I was huddled together with two architects in a small meeting-room going over plans for a total refurbishment of the library space. I'm no architect, but when spot-pinned for suggestions by these two architects I was apt enough to proffer some idea or other that seemed to go down well. There were moments where I noticed my hand brushing into my hair as I gulped with the pressure of knowing that a lot of changes were underfoot that I had no control over. It's all going to be different; less space, new colours, and if I have it my way, a new software management system. One year's time from now - a totally new space, probably a totally new everything.
Last December I walked into the university's bookshop and went straight up to the sci-fi section. I haven't read sci-fi since my early teens and my was, for whatever reason, longing to read some sci-fi again. A book called 'Dust' which had a "Staff Recommended" tag at shelf's edge caught my attention. I glanced at the blurb and thought this'll do. Then my contact/supplier from the bookshop, Emily, walked up to say hello. I immediately solicited her opinion about this 'Dust' book. Emily told me that 'Wool' was the first in the trilogy, that it was a massive hit, and had something to do with a futuristic scenario where people were forced to live underground in a massive silo. There was something about Emily's explanation that caught my interest and excitement. Taking a risk, I bought Hugh Howey's 'Wool', and walked out of the shop into the languid early-summer haze of the pre-Christmas out-of-session campus.
I loved 'Wool'. And I loved its prequel, 'Shift', too. I related to Donald, a central character who was intimately and intricately swept along with a terrible movement of events beyond his control. I want my project to go well. I know from my own experience in this job I've been with for 18 years that big changes or movements at work are invariably reflected in full in my personal life. I wonder what's going to happen? I wonder if that halfway through the beginning bit of the project, when the roof is blown off before the uppers levels are constructed that some event will occur that will delay or blow off the project. I'll be anxious. I'll want the refurbishment to be over, to walk into a safe place and reset my digs, if that's to be. It might not be meant to be. What is certain, everything will be different.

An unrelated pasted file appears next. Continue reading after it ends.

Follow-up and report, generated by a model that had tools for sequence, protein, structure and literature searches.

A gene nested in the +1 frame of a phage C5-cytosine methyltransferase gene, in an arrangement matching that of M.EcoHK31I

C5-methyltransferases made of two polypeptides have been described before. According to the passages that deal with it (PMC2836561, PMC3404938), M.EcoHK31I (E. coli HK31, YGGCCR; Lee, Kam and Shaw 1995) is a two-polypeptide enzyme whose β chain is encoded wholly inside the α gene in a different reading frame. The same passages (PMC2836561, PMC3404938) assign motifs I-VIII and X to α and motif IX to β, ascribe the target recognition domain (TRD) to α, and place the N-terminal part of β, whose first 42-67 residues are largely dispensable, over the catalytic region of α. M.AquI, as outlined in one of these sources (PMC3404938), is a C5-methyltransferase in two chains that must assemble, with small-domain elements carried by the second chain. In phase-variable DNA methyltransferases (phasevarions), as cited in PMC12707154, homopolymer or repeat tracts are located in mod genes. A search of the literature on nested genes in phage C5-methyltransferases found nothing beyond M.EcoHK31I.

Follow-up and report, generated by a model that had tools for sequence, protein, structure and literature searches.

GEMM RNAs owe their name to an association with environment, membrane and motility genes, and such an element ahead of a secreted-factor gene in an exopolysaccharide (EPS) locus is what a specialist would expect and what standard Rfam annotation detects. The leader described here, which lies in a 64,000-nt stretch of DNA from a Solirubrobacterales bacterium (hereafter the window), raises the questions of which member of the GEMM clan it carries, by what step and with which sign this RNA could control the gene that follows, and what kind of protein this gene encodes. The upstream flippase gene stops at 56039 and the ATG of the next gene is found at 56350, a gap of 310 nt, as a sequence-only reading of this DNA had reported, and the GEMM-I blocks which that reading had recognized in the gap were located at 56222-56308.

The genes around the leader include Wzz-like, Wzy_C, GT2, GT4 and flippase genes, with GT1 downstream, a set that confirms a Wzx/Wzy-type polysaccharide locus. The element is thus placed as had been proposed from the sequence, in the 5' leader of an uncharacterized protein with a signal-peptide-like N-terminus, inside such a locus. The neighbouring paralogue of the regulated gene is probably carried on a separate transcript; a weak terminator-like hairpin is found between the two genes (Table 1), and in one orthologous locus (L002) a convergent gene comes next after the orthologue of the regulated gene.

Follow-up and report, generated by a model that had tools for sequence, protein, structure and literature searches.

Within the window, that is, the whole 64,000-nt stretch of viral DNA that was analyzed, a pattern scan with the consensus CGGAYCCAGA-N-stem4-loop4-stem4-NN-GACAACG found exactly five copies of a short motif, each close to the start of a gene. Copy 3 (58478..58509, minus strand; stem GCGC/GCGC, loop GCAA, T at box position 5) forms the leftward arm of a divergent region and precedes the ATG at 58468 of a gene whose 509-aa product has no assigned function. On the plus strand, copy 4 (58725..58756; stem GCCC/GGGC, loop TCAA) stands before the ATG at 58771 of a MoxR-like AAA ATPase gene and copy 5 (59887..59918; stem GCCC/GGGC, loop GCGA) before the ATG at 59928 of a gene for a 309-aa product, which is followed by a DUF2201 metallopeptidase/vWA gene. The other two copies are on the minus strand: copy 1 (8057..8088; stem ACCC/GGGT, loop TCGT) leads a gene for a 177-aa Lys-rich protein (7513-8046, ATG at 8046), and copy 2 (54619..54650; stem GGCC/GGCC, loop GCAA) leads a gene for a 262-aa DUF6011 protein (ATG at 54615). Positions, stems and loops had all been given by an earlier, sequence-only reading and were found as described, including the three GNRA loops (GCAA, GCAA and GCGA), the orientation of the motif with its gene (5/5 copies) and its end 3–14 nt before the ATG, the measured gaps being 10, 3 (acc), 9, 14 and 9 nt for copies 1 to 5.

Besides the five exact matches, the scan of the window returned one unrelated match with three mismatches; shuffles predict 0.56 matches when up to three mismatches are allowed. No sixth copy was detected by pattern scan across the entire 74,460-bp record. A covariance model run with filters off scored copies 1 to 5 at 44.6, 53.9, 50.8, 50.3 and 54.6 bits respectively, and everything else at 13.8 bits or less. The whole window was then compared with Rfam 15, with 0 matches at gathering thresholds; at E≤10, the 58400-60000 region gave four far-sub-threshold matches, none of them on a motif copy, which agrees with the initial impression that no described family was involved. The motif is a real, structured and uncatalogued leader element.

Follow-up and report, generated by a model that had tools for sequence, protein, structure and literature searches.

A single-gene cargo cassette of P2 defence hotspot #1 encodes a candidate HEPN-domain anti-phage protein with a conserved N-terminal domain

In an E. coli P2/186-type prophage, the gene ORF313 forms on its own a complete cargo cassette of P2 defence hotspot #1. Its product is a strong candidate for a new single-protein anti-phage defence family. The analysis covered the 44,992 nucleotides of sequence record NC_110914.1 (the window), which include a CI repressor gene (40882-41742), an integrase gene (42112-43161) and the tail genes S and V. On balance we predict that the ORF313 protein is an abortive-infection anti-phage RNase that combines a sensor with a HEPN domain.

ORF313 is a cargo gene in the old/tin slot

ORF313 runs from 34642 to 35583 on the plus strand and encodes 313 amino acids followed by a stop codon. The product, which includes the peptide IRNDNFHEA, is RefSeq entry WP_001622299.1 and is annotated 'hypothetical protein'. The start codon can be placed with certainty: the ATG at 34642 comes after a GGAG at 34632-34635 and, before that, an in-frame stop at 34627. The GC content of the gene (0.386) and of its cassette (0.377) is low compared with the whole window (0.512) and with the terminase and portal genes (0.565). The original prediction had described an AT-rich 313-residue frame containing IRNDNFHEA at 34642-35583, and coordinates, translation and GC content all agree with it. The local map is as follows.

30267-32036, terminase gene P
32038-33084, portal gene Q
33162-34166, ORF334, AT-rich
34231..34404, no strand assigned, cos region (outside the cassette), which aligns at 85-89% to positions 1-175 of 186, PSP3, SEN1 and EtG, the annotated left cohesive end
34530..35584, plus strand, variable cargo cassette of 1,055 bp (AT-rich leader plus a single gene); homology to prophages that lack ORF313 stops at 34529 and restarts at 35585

I loved the Juliette character in the 'silo' series, Howey's heroine. She was brave, clever, sharp, and she was compassionate, human. A true leader with a discernible charisma, or as Howey described her, "...she had a fierce intelligence that could be measured from a distance."
Sometimes as I'm gliding around on soft shoes inside the facility or when I shift my gaze in different directions as I'm walking stealthily ahead I think of the place a silo of sorts. Sometimes I feel as tactile as a Juliette, as furtive as Donald, and sometimes as much a slayer-type as Thurman, someone who knows too much and holds secrets.
And when I walk outside and look up at the clear blue sky I feel so consciously thankful for the air I'm breathing, moreso since I read 'Wool'.